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SWOT analysis Project Cycle Management ----- A short training course in project cycle management for subdivisions of MFAR in Sri Lanka MFAR, ICEIDA and.

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Presentation on theme: "SWOT analysis Project Cycle Management ----- A short training course in project cycle management for subdivisions of MFAR in Sri Lanka MFAR, ICEIDA and."— Presentation transcript:

1 SWOT analysis Project Cycle Management A short training course in project cycle management for subdivisions of MFAR in Sri Lanka MFAR, ICEIDA and UNU-FTP Icelandic International Development Agency (ICEIDA) Iceland United Nations University Fisheries Training Programme (UNU-FTP) Iceland Ministry of Fisheries and Aquatic Resources (DFAR) Sri Lanka

2 Content of the lecture Internal and external factors Major benefits of SWOT analyses Types of resources Creating a SWOT analysis using post harvest losses as a case study

3 Learning objectives After this lecture participants will be able to identify internal and external factors that affect strengths, weaknesses, opportunities and threats to activities or operations

4 SWOT A widely used framework for organizing and using data and information gained from situation analysis Encompasses both internal and external environments One of the most effective tools in the analysis of environmental data and information

5 SWOT description A SWOT analysis generates information that is helpful in matching an organization’s or a group’s goals, programs, and capacities to the social environment in which they operate It is an instrument within strategic planning When combined with a dialogue, it is a participatory process

6 SWOT Factors affecting an organization can usually be classified as: Internal factors –Strengths (S) –Weaknesses (W) External factors –Opportunities (O) –Threats (T) Strengths Opportunities Weaknesses Threats

7 SWOT: internal factors Strengths –Positive tangible and intangible attributes, internal to an organization. They are within the organization’s control Weaknesses –Factors that are within an organization’s control that detract from its ability to attain the core goal. In which areas might the organization improve?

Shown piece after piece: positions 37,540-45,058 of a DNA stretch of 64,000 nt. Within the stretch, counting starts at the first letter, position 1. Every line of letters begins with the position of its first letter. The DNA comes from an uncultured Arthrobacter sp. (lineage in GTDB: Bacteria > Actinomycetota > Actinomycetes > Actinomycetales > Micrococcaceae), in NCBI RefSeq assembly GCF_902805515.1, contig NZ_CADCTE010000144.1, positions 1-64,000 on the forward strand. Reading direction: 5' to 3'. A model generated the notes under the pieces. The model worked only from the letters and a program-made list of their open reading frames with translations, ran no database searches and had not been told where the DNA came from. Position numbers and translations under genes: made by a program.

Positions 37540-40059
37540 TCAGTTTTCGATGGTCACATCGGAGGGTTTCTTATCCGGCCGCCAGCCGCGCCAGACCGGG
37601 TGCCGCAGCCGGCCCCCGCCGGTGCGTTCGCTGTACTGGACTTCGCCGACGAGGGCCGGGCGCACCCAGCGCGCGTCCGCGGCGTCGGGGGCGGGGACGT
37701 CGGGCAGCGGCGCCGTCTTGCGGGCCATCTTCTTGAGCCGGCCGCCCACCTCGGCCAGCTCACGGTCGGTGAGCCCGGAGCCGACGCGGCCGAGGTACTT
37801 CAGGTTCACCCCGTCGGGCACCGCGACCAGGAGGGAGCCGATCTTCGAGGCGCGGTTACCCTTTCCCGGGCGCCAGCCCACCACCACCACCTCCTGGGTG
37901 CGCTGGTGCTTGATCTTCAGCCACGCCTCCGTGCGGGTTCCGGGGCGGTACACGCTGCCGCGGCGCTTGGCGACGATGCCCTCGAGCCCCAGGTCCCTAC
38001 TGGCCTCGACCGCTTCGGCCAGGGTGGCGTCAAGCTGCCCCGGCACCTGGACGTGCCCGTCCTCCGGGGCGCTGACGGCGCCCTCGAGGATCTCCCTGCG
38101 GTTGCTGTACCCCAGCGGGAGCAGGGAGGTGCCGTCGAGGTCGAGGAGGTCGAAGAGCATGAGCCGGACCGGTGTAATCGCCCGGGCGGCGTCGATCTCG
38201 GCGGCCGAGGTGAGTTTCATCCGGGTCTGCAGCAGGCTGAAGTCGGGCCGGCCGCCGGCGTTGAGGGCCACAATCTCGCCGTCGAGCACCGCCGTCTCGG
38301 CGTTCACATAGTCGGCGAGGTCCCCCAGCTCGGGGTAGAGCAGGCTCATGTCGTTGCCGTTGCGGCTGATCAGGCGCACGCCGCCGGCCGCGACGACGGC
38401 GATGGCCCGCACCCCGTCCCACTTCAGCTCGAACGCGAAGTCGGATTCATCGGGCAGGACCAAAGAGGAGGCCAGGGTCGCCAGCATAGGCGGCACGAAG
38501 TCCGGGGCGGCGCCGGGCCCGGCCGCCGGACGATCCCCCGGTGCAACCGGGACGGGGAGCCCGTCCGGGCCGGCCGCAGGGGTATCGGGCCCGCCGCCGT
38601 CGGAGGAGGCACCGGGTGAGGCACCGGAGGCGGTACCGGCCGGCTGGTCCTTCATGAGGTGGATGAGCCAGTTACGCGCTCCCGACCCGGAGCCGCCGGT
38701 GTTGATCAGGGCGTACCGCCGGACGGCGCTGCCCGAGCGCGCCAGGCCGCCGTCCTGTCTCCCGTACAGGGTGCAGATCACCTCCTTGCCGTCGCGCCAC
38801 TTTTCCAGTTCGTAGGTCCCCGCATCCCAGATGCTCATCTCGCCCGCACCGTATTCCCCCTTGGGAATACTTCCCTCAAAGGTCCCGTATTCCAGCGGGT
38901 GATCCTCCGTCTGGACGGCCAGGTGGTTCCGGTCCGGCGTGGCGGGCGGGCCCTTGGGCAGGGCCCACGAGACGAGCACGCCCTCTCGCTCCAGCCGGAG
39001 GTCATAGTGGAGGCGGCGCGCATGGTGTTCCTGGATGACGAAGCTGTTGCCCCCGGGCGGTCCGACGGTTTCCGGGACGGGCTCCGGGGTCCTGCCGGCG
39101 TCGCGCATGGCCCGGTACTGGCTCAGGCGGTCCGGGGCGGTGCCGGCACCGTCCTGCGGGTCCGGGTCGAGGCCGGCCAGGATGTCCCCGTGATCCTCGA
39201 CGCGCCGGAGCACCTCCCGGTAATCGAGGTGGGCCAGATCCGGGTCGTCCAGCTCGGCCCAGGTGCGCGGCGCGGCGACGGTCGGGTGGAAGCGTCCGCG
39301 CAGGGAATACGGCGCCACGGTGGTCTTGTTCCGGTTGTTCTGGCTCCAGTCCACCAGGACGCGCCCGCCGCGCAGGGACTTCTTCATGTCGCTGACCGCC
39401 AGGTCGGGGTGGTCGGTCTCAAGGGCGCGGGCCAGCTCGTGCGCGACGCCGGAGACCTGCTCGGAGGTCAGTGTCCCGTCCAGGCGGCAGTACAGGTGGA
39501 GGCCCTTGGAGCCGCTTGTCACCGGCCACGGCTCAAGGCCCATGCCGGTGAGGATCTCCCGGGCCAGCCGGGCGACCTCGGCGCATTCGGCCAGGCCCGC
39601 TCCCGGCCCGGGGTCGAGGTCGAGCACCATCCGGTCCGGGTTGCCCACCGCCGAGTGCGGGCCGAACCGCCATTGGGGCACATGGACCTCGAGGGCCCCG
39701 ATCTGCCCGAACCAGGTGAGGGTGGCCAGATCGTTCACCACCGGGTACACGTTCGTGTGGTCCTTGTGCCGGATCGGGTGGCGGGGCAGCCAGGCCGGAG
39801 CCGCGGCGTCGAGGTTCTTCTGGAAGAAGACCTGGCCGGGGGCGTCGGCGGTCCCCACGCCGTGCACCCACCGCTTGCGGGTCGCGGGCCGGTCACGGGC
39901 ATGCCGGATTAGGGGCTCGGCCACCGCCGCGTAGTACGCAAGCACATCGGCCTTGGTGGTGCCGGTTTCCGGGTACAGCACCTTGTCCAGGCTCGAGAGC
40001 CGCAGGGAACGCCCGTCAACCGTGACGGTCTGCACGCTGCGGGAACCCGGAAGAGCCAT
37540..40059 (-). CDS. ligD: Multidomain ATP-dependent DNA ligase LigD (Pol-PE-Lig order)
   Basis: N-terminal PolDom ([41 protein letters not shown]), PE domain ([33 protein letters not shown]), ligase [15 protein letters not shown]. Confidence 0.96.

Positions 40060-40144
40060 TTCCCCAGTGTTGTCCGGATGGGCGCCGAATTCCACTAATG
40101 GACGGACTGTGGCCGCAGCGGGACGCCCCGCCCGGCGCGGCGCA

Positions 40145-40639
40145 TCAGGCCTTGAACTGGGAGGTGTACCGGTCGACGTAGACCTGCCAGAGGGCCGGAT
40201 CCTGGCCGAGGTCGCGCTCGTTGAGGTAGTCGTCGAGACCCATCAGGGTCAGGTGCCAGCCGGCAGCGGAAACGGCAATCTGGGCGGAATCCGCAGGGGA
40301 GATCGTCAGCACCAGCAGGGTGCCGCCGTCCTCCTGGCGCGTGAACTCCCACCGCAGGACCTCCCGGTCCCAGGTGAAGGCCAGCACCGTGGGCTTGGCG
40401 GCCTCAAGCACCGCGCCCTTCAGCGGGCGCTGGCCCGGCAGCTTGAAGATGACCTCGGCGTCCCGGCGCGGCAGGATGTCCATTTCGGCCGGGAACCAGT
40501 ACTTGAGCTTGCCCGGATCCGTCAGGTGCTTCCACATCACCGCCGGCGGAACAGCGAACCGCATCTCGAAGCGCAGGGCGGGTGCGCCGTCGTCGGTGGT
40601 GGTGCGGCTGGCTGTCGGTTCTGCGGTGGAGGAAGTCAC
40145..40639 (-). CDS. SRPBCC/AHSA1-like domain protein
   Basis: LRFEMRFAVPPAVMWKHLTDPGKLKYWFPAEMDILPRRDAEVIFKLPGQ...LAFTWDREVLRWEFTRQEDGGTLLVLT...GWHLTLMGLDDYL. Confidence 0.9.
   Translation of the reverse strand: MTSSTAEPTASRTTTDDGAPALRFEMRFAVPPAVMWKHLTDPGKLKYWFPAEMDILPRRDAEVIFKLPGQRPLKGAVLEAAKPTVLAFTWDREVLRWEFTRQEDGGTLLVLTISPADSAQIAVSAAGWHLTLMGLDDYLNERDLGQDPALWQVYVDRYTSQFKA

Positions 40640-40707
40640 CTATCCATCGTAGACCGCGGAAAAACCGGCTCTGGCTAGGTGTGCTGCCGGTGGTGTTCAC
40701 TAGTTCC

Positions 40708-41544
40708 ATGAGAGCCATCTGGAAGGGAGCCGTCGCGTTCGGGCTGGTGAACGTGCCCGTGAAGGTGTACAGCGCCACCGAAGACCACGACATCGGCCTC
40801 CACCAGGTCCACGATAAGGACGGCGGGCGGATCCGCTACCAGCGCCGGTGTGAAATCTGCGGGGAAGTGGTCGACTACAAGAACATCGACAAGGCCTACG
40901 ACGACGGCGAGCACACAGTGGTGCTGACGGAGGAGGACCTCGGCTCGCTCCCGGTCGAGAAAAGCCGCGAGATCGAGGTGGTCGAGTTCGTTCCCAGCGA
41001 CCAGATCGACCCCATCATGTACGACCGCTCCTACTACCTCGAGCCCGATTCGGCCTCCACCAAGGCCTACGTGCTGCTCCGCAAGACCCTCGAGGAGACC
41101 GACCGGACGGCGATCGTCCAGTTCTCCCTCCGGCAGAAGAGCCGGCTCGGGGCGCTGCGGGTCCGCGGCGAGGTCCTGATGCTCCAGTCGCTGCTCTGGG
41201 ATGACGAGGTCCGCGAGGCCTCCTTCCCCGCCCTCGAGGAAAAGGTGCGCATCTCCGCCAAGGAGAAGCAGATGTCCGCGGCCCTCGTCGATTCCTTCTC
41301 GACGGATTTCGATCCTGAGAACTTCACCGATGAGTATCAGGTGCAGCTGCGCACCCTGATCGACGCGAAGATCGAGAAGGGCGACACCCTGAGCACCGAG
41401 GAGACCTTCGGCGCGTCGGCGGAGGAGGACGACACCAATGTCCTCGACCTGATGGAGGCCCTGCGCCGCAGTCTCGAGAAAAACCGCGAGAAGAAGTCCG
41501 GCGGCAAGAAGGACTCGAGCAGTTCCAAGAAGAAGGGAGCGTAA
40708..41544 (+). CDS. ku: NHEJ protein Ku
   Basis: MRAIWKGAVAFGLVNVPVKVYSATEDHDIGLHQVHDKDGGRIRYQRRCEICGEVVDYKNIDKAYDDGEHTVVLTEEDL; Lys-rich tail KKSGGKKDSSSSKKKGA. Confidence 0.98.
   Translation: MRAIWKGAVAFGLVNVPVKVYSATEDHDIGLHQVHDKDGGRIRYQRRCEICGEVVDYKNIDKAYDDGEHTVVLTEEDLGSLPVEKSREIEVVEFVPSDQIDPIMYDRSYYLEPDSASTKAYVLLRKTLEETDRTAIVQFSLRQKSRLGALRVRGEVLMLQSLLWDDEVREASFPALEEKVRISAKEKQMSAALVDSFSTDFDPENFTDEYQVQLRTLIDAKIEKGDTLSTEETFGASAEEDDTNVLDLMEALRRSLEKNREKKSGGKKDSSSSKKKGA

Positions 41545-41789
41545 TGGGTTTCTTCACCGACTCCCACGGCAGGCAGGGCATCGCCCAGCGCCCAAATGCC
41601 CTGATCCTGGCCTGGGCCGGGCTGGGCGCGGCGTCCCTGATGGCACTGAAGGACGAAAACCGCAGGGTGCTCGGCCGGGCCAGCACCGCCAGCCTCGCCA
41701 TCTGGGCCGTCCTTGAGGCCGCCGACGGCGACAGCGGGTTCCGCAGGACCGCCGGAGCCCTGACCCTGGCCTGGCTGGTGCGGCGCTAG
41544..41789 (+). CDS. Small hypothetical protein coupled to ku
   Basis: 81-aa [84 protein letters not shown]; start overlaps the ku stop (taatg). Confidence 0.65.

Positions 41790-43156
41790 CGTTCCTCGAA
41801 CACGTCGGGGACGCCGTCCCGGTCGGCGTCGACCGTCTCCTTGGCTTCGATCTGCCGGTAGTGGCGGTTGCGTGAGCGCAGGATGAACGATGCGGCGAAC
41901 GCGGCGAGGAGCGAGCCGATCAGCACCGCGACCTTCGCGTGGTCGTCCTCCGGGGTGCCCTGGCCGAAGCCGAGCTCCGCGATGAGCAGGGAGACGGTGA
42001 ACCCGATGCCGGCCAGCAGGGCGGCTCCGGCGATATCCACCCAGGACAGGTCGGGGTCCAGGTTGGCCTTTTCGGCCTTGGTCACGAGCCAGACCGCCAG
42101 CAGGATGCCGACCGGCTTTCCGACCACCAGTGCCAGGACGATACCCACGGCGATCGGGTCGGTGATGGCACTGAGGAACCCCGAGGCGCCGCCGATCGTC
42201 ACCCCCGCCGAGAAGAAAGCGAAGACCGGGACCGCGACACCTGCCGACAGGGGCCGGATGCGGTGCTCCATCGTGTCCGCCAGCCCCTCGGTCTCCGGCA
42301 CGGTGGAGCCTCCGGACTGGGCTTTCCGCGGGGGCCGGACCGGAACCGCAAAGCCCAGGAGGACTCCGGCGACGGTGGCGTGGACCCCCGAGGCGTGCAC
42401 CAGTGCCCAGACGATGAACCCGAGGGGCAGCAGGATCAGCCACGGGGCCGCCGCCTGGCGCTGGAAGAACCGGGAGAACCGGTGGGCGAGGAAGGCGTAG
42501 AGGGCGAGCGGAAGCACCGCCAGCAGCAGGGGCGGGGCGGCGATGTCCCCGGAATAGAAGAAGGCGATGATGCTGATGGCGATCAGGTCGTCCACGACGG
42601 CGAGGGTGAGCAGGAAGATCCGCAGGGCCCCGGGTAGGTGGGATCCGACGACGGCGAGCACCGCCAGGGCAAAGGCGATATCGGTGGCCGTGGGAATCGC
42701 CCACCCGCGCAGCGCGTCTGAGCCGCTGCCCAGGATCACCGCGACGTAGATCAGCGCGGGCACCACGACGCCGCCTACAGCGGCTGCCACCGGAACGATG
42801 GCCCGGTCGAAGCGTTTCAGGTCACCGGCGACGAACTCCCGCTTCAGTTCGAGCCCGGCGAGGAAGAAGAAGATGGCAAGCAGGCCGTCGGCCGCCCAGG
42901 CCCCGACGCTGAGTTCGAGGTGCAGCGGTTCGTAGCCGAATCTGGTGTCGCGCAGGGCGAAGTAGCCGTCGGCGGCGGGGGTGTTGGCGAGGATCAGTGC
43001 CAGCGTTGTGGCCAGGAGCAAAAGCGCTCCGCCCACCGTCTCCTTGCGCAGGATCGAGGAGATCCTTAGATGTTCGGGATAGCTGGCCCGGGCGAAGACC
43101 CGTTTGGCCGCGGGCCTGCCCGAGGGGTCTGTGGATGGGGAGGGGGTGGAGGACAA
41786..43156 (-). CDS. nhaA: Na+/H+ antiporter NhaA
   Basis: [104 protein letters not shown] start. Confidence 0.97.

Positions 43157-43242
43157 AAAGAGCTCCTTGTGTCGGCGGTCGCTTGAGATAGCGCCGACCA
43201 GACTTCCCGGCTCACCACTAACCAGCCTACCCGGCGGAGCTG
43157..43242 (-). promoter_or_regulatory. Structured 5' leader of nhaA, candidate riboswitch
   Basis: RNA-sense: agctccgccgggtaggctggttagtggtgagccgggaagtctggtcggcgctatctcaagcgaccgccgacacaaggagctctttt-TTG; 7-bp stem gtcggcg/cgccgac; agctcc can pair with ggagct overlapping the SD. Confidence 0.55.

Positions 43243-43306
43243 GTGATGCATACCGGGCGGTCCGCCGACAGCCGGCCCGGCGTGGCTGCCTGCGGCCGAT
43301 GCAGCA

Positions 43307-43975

8 SWOT: external factors Opportunities –External attractive factors that represent the reason for an organization to exist and develop. What opportunities exist in the environment which will propel the organization? –Identify them by their “time frames” Threats –External factors, beyond an organization’s control, which could place the organization’s mission or operation at risk. The organization may benefit by having contingency plans to address them should they occur –Classify them by their “seriousness” and “probability of occurrence”

9 For the external factors Must plan for Minimum resources if any Maintain flexibility in plan Forget it High Low High Low Probability of occurrence Seriousness of Impact

10 Create a plan of action What steps can you take to: –Capitalize on your strengths –Overcome or minimize your weaknesses –Take advantage of some new opportunities –Respond to the threats Set goals and objectives, like with any other plan

11 Major benefits of SWOT analyses Simplicity Flexibility Integration and synthesis Collaboration Lower costs

12 For a productive SWOT analysis Stay focused. Be specific and avoid grey areas. Keep your swot short and simple. Avoid complexity and over analysis Collaborate with other functional areas Examine issues from the customers’/ stakeholders’ perspective Look for causes, not characteristics Separate internal issues from external issues

13 Stay focused It can be a mistake to complete just one generic SWOT analysis for the entire organization When we say SWOT analysis, we mean SWOT analyses

14 Collaborate with other functional areas Information generated from the SWOT analysis can be shared across functional areas SWOT analysis can generate communication between managers that ordinarily would not communicate –Creates and environment for creativity and innovation